“We were so lucky to be able to fly home,” Sweet said. “For me, the worst part was being stuck at nearly 12,000 feet above sea level while pregnant. But the hotel was truly amazing, and they did so much to make us comfortable.”
Those on vacation weren’t the only ones who became unexpectedly stranded in a hotel due to COVID-19 lockdowns. Former Sacramento King basketball player Donte Greene now plays basketball in Saudi Arabia. When the season wrapped early on March 13 due to the spread of the pandemic, Greene booked a flight home to Baltimore, MD, for March 17, only to get stuck in Saudi Arabia when airports closed on March 15. The very short notice meant that all of the flights out were already booked, but Greene and others who were stranded were told it would only be two weeks before they could go home. Within a week, that date was extended to April 16, and the country began to shut down.
“I’m just trying to stay positive. It could be worse—I could be stuck in an airport somewhere, or I could actually have coronavirus.”
Greene has been riding things out in his hotel apartment in Jeddah, Saudi Arabia, ever since. With no room service or in-room kitchen at the hotel, he’s been venturing out to pick up food at places like The Cheesecake Factory and Texas Roadhouse during the few hours that the country isn’t under curfew (10 am-3 pm). Greene has been calling the American Embassy every day in attempts to get home to his fiancé and children. In the meantime, he’s been trying to stay positive, washing the same four outfits over and over again, binge-watching TV, and using six flights of hotel stairs for exercise.
“There’s really no way to stay in shape here, so the stairs are my best way to stretch my legs and keep myself from lying in bed all day,” Greene said. “I’m just trying to stay positive. It could be worse—I could be stuck in an airport somewhere, or I could actually have coronavirus. I’m able to FaceTime with my kids a lot, so that’s a huge help.”
While most are finding themselves helpless, frustrated, and homesick, others are ignoring the recommendations like those of the United States Department of State which enacted a Level 4 travel ban, warning that travelers should be “prepared to remain abroad for an indefinite period.” Those continuing to travel, taking advantage of deep discounts from airlines and special Coronavirus packages from hotels, will likely face a minimum of a 14-day in-hotel quarantine when they reach their destination.
Not surprisingly, hotels are doing all that they can to stay afloat in a time that’s causing unfathomable economic hardships across the tourism and hospitality sectors, giving travelers the opportunity to willingly strand themselves in far-away locales. Deep discounts on 14-day stays, room upgrades, free Wi-Fi and parking, and all-inclusive packages can be found in hotels in locales that include Sydney, Hong Kong, and Thailand.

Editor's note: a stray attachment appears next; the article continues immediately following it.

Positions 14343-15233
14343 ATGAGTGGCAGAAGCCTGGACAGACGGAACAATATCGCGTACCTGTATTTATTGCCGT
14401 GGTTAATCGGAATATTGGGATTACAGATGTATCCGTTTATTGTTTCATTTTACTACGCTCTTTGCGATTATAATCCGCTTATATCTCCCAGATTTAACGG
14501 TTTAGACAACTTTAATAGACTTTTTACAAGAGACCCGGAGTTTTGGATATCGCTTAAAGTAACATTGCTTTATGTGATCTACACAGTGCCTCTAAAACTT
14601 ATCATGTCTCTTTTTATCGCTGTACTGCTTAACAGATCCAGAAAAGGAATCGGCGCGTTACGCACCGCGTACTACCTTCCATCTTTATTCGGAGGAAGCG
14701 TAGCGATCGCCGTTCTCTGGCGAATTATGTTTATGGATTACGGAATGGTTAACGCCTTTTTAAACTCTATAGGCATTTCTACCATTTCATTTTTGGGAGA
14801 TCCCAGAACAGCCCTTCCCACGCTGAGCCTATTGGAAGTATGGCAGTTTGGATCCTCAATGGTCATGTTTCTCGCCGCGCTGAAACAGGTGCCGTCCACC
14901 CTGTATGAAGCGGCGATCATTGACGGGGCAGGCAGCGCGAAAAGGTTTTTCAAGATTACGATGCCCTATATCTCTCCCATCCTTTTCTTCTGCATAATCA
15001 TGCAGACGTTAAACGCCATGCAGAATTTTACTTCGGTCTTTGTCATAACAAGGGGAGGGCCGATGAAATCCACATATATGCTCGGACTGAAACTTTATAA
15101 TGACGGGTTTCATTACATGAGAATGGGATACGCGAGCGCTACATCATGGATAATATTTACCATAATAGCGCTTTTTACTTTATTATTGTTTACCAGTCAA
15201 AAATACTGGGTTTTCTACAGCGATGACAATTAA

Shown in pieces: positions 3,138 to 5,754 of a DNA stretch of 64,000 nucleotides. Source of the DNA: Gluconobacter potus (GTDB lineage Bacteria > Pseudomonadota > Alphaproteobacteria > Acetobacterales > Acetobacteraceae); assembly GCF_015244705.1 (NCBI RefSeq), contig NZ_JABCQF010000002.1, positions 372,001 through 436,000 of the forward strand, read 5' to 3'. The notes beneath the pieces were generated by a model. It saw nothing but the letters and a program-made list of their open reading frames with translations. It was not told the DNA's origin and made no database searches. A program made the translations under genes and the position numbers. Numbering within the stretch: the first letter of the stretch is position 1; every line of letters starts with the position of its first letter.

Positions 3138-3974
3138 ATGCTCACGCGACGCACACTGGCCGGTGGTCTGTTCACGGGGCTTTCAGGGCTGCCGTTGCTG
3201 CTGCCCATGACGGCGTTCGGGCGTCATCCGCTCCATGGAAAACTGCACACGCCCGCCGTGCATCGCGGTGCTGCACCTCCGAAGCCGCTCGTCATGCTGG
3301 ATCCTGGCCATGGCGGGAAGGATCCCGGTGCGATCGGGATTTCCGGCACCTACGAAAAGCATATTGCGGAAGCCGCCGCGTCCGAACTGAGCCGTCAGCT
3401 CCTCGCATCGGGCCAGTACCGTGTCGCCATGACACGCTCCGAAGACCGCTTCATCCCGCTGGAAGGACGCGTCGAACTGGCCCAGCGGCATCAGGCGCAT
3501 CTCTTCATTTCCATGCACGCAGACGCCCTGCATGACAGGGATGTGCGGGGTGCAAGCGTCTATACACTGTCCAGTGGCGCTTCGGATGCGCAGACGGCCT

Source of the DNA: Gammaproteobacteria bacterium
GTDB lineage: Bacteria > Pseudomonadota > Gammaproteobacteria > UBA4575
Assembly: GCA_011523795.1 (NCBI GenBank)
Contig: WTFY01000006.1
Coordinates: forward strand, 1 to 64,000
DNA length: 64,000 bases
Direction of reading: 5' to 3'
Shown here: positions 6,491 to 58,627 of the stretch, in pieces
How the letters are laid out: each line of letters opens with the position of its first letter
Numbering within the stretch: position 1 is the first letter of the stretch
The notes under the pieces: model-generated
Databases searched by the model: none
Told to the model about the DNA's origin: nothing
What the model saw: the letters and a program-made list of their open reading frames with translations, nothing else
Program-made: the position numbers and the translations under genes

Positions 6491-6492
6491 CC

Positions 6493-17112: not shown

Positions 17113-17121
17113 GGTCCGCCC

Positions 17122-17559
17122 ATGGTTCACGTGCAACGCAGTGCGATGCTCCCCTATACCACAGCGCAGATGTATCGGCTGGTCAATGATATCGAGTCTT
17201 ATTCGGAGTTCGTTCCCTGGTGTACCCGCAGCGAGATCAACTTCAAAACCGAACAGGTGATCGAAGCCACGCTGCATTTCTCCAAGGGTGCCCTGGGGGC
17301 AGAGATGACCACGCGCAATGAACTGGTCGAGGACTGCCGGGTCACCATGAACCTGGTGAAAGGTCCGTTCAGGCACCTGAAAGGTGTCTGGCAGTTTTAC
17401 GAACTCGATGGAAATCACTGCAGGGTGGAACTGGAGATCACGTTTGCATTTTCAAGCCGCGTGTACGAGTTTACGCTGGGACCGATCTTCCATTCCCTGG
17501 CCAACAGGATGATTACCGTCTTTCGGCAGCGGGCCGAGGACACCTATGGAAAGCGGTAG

Le Bijou Hotel & Resort in Switzerland is taking things a big step further, offering their refurbished luxury apartments as “quarantine apartments” where guests will spend approximately $800 to $1,000 per day for a 14-day stay. Luxury add-ons include a $500 coronavirus test or $800, twice-daily check-ups from medical professionals.
But just because a hotel or airline is happy to take a traveler’s money, doesn’t mean that they are actually going to be welcomed at their destination. For the most part, those folks who intentionally chose to travel to places other than their own homes to ride out the shelter in place orders are not receiving warm welcomes. In Hawai‘i, protests have been staged at airports in Maui and Molokai, attempting to rebuke visitors; a few visitors were even verbally assaulted in Waikiki recently after taking advantage of cheap airfares. In India, travelers are being kicked out of their hotels and barred from others as positive COVID-19 cases rise quickly. Indian citizens have been displaying open hostility toward visitors, likely influenced by some of India’s first virus cases coming from a group of 15 Italian tourists. Though much of this hostility is fueled by panic and misinformation, it’s not at all unreasonable that citizens would have some serious problems with visitors coming into their countries at a time like this.
The one saving grace that seems to be helping many travelers who are stranded in their hotels is their Netflix subscriptions. So, rather than spending thousands of dollars to lie in a posh bed, it’s probably a much better idea to stay home, wash your hands, and watch Tiger King from the comfort of your own living room, just like the rest of us, lest you find yourself far from home for longer than you expected.